The failure of the French in Carnatic was a great setback. The French Government, which was always in trouble, could not bear this defeat. So, it recalled Dupleix to France in 1754. The second Carnatic War ended with the English acquiring dominance in Carnatic and the French securing a place in the Court of Nizam.

The Third Carnatic War (1758-63)

The Third Carnatic War (1758-63) commenced with the Seven Years' War (1756-63) in Europe. Unlike its predecessors, this conflict extended beyond the Carnatic region. Robert Clive, the English governor of Fort St. David and Lieutenant Colonel, seized Chandannagar, the French settlement in Bengal, in 1757. He also secured a significant victory against Siraj-ud-daula, the Nawab of Bengal, in the Battle of Plassey (June 23, 1757), ensuring the financial stability of the English East India Company.

However, the most decisive battles of the war unfolded in the Carnatic. The French appointed Count de Lally as the new governor of Pondicherry. He besieged Fort St. David and captured it on June 2, 1758, along with Nagur and Tanjore. Lally's call for assistance from Bussy, who was in control of Hyderabad, proved to be a blunder. Reluctantly, Bussy joined, and the British forced Salabat Jung to cede territory. After the victory at Plassey, English troops led by Col. Forde captured Northern Sarkar (December 1758) and Masulipattinam (April 1759). The most decisive battle occurred at Wandiwash (January 22, 1760), where Lally was defeated by English troops led by Eyre Coote. Lally retreated to Pondicherry, besieged by the English, ultimately surrendering in 1761.

The Seven Years' War concluded in 1763, and a treaty was signed in Paris (February 10, 1763). Among other provisions, Pondicherry would go to France, along with five trading ports and various factories, but solely as a trading centre without fortifications and armies.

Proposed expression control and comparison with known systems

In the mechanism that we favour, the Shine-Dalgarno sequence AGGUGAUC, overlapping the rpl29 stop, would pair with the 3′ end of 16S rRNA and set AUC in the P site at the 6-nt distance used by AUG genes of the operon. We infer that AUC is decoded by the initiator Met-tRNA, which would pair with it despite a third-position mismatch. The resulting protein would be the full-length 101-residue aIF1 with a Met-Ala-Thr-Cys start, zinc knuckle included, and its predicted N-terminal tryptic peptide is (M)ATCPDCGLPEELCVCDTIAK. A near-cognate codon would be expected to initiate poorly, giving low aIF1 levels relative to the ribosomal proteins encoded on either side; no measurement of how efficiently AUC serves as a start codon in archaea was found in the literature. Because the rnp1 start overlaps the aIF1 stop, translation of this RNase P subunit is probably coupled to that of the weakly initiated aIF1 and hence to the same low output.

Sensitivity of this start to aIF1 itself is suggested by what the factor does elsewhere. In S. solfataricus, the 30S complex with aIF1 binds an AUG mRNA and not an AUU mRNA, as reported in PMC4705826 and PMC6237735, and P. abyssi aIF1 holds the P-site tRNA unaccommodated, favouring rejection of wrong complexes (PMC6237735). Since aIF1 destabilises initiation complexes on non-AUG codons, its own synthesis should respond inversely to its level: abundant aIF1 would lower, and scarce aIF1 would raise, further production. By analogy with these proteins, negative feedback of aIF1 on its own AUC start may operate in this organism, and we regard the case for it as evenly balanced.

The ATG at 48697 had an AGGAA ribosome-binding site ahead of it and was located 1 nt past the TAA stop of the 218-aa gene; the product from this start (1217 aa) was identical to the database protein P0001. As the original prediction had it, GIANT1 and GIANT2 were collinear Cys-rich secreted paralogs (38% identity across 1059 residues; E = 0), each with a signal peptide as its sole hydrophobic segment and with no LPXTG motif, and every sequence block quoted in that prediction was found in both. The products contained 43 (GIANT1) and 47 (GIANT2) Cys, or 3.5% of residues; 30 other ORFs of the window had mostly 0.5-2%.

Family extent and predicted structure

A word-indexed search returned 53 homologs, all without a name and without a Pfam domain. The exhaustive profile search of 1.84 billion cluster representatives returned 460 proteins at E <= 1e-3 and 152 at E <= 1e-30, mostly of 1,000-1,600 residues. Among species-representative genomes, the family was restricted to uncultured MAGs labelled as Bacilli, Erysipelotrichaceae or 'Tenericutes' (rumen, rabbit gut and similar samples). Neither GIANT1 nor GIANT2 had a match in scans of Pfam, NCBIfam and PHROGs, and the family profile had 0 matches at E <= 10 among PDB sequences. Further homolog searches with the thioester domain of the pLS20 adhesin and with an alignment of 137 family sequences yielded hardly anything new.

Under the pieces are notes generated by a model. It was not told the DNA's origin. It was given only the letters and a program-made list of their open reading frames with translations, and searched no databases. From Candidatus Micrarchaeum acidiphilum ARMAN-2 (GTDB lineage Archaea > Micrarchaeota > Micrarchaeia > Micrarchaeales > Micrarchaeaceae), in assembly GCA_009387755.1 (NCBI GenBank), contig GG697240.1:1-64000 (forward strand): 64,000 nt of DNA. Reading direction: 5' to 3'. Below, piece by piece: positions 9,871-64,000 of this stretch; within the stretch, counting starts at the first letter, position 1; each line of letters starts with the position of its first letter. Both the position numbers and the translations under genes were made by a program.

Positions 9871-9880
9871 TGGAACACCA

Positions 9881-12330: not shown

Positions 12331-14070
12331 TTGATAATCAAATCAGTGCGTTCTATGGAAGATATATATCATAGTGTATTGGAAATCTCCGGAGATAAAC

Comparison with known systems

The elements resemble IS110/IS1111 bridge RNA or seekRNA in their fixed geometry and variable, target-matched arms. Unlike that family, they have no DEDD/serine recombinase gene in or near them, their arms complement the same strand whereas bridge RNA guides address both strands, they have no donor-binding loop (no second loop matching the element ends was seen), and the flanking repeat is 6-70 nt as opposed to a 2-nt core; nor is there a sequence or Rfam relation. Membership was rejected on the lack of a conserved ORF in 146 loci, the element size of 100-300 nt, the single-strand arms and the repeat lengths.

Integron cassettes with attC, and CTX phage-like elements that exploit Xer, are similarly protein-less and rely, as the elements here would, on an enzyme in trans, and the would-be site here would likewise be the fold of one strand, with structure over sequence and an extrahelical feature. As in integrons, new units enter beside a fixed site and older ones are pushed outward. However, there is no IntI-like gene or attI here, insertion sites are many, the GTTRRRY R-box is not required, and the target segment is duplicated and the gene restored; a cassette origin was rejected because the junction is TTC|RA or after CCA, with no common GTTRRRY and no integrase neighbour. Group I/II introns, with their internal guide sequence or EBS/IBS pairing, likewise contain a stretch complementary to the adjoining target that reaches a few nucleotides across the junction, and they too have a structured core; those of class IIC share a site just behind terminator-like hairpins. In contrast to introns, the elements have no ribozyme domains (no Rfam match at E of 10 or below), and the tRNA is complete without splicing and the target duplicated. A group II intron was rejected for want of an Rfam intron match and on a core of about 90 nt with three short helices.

Upon returning to France, Lally was accused of treason and executed, becoming a scapegoat. However, blaming Lally alone for the French failure is inaccurate. While some of his decisions, like calling Bussy from Hyderabad (1758), were blunders, the root cause of French failure lies in the structure of its company and the policies of the French Government.

The French East India Company operated as a state undertaking company with directors appointed by the crown, exhibiting lethargy and bureaucratic control. In contrast, the English East India Company was a private undertaking driven by free enterprise and individual initiative. It earned profits from Asian trade, independent of state support.

The French struggled to prioritize India, as their focus remained on Europe, while England dedicated full attention to distant lands, especially India. The French failed to comprehend the intricate political landscape of India, unlike the British. Additionally, they couldn't compete with the English in naval supremacy.

In conclusion, the third Carnatic War marked the end of the French challenge in India, paving the way for the establishment of the British Empire in the region.